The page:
By Joshua Penduck
The Evangelical Movement has a long, established place within the life of the Church of England. Although it emerged at a similar time as the Methodist movement, it seems to have had a relatively independent genesis, through figures such as Samuel Walker of Truro, William Grimshaw of Haworth, and William Romaine of London. Whereas Methodism, following after John Wesley, viewed ‘the world’ as his parish, these early Evangelical figures were much more respectful of the rules governing parishes. Furthermore, they believed in Apostolic succession (I.e. The Church of England belief in the continuity of bishops), and tended to be more inclined to Calvinism than John Wesley would have preferred. The split with Methodism would become key to the identity of Evangelicals in the Church of England: unlike the followers of Wesley and George Whitfield, Anglican Evangelicals would remain steadfastly committed to their Mother Church. Despite massive growth in the early and mid nineteenth century, even having an Archbishop of Canterbury in the figure of John Bird Sumner, by the latter decades of that century the Evangelical Movement gradually fell into obscurity. In many cases, the loyalty to the Church of England was reduced to ‘It’s the best pond to fish from’. Whereas the early Evangelicals were steadfastly committed to Anglicanism, this wasn’t so much the case in the early 20th Century. The Movement drifted into dogmatism and isolationism, so much so that Michael Ramsey could dismiss even a figure such John Stott as a ‘fundamentalist’ at one point.
What changed? Simply put: the 1967 Keele Congress.
Guided by figures such as John Stott and JI Packer, during the 1950s Anglican Evangelicals began to get more confident of their place within the Church of England. Abetted by the evangelism rallies of Billy Graham and the new separation of Evangelicals from Fundamentalists in the United States and Europe (cue figures such as Francis Schaeffer and Carl F.H. Henry), the Evangelical Movement was numerically growing at a rapid pace, and was delving into the latest scholarship (especially in Latimer House, Oxford). When the 1960s arrived, although Evangelicals were still divided over how much accommodation could be made with the Established Church, there was an energy that had been lacking for almost sixty years. When in 1966 the great Reformed preacher Martyn Lloyd-Jones called for Evangelical Anglicans to leave the Church of England to form an independent Evangelical denomination, John Stott passionate argued against it. The Evangelical mainstream became thoroughly committed thereafter to working within – and even celebrating! – the framework of the Church of England.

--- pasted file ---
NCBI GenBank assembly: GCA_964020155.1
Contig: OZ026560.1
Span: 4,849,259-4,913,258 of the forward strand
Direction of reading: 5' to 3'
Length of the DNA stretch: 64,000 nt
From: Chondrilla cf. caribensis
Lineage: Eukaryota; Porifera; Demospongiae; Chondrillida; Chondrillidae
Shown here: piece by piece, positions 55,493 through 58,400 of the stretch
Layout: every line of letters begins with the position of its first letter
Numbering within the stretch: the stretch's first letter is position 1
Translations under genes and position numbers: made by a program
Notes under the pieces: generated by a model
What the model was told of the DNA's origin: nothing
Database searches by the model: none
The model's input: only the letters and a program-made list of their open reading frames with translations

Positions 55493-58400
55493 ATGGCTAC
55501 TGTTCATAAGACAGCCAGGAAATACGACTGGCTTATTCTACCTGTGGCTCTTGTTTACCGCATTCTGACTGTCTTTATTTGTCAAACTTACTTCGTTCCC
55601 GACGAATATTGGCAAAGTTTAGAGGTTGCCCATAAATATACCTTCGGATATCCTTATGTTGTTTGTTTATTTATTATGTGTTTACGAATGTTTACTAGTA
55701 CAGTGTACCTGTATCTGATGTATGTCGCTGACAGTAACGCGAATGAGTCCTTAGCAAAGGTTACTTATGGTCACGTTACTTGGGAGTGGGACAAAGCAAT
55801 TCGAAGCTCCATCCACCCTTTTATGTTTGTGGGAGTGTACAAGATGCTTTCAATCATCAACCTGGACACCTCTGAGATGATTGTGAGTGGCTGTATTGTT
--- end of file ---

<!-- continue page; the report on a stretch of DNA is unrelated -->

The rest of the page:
Amidst all the change in the Church of England, the new Evangelicals like Stott were passionate that no longer would they be governed by an Evangelical ‘party spirit’. As the Chairman of the 1967 Islington Clerical Conference, John Stott said, ‘It is a tragic thing…that Evangelicals have a very poor image in the Church as a whole. We have acquired a reputation for narrow partisanship and obstructionism… We need to repent and to change.’ It was felt that a national Evangelical congress was needed to think through this change of spirit.
And so, in April 1967, with help from Latimer House and the Church Pastoral-Aid Society some 1000 delegates converged on Keele University, of which 519 were clergy and 481 were lay people. There were also 30 observers from Roman Catholic, Orthodox and Free Church perspectives. Over the next few days, in an astonishing rush of energy, these 1000 delegates hammered out a Statement which reflected the new face of Anglican Evangelicalism.
The Statement had five sections:
- The Church and its Message
- The Church and its Mission
- The Church and the World.
- The Church and its Structures
- The Church and its Worship
- The Church and its Unity
The first section followed standard Evangelical beliefs regarding God, the authority of the Bible (welcoming ‘all scholarship which promotes a more precise understanding of holy Scripture’), atonement, justification, and conversion (with a note about charismatic renewal). It was the other areas in which change made itself known. The Statement recognised that Mission was about more than getting bums on pews, but was rather for Christians to ‘share in God’s work of mission by being present among non-Christians to live and speak for Christ, and in His name to promote justice and meet human need in all its forms.’ Evangelism was being put in a wider, missional context – Evangelicals were called upon not so much to separate as to ‘study and be involved in the contemporary world’. The Statement had things to say on contemporary issues such as housing, education, work and leisure, race, and addiction. It called upon Evangelicals to get stuck into the structures of the Church of England, but thinking through these structures in a modernising way – dioceses were called to reorganise so as to free bishops from excessive administrative burdens, the national church was called to put together a General Synod made of clerics and laity, and questions were raised about such things as publicity, Clerical dress, and the state of church premises.